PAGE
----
Inhumanity of nuclear weapons raised at U.N. conference on disarmament issues in Shizuoka

by Michiko Tanaka, Staff Writer

On January 30, the United Nations Conference on Disarmament Issues opened at a hotel in Shizuoka, Japan. About 70 government officials overseeing disarmament matters, along with experts in the field and three international organizations, are taking part in the three-day conference. The participants have gathered from 16 nations, including the United States.

On the first day, there was active discussion under the theme “Humanitarian Issues and Nuclear Weapons.” On the subject of banning the use of nuclear weapons, Mari Amano, the ambassador of Japan to the Conference on Disarmament in Geneva, expressed hesitation, saying, “Pursuing such a ban may invite a backlash from the nuclear weapon states and result in unproductive discussion.”

Last October, more than 30 countries released a joint statement, urging the nations of the world to work toward making nuclear weapons illegal. In March, an international conference focusing on the inhumanity of nuclear weapons will be held in Oslo, Norway. At the gathering in Shizuoka, a number of voices praising such efforts to put a spotlight on the inhumanity of nuclear arms, and calling for a ban on these weapons, have been heard.

Japan, however, has declined to back that statement, arguing that it does not cohere to the nation’s security policy, which relies on the nuclear deterrence provided by the United States. Mr. Amano maintained, “I am not convinced by the measures being proposed to hasten a ban on nuclear weapons. Proceeding with negotiations in a steady and gradual manner will provide the shortest route to the elimination of these weapons.” To this, one participant responded critically, “If the A-bombed nation of Japan declines to join the statement, it will weaken the effort.”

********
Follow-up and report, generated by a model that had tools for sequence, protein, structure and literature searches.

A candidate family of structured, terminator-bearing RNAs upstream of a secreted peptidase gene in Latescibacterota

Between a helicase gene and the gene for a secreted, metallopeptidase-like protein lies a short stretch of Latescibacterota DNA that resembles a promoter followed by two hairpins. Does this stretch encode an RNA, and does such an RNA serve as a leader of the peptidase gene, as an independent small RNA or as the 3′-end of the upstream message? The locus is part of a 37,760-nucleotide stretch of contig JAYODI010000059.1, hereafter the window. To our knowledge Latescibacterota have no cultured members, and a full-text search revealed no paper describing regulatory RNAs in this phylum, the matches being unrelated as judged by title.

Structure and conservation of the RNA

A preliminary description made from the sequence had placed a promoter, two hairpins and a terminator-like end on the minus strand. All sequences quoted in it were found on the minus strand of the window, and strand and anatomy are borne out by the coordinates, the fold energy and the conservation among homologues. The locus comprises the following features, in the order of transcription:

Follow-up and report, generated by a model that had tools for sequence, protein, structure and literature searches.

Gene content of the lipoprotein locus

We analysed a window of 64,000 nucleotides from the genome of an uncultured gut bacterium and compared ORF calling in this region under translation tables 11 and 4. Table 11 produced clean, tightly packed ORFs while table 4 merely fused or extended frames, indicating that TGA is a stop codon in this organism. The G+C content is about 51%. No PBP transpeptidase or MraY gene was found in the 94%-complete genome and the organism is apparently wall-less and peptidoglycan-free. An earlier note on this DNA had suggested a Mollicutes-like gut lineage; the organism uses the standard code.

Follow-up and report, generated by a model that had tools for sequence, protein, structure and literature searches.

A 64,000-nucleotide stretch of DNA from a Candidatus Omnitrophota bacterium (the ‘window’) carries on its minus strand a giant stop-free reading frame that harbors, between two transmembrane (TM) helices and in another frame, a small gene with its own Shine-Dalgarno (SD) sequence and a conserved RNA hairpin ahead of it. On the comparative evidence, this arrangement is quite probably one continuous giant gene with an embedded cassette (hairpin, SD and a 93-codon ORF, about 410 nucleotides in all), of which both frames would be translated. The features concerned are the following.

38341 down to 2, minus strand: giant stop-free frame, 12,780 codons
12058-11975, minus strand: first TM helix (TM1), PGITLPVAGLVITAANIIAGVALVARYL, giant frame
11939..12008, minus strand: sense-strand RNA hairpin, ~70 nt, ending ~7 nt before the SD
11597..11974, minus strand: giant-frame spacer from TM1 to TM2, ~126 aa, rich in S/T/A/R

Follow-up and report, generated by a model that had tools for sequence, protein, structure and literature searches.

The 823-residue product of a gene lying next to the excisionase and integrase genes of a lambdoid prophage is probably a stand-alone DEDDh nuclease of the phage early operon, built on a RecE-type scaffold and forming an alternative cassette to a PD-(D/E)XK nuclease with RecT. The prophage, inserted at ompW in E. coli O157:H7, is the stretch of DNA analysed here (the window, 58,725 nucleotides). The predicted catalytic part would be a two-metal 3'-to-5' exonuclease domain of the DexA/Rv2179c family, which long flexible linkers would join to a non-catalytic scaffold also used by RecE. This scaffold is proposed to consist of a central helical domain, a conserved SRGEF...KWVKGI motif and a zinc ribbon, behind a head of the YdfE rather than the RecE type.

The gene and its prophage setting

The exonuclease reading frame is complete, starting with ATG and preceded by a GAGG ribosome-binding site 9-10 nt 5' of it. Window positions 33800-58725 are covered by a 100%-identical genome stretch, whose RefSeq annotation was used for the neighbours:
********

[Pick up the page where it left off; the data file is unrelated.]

Amid growing tensions in the international community following North Korea’s declaration of its intention to conduct a third nuclear test, the issue of the denuclearization of Northeast Asia has also become a focal point at the gathering.

Hiromichi Umebayashi, the director of the Research Center for Nuclear Weapons Abolition at Nagasaki University, pointed out, “North Korea’s attempt to swiftly develop nuclear weapons demonstrates its fear regarding its national security.” Mr. Umebayashi presented his idea of Japan, South Korea, and North Korea creating a nuclear-free zone and, in addition, that these nations obligate the nuclear powers to pledge not to stage a nuclear attack on this zone.

Until its conclusion, on February 1, the disarmament conference will feature discussion on such issues as the challenges to be faced in anticipation of the review conference of the Nuclear Non-Proliferation Treaty (NPT), slated for 2015, and the safety of nuclear power stations following the accident at the Fukushima No. 1 (Daiichi) nuclear power plant.

The conference has been organized by the United Nations Office for Disarmament Affairs and the United Nations Regional Centre for Peace and Disarmament in Asia and the Pacific. Held annually in Japan since 1989, this year’s gathering is the 24th conference.

(Originally published on January 31, 2013)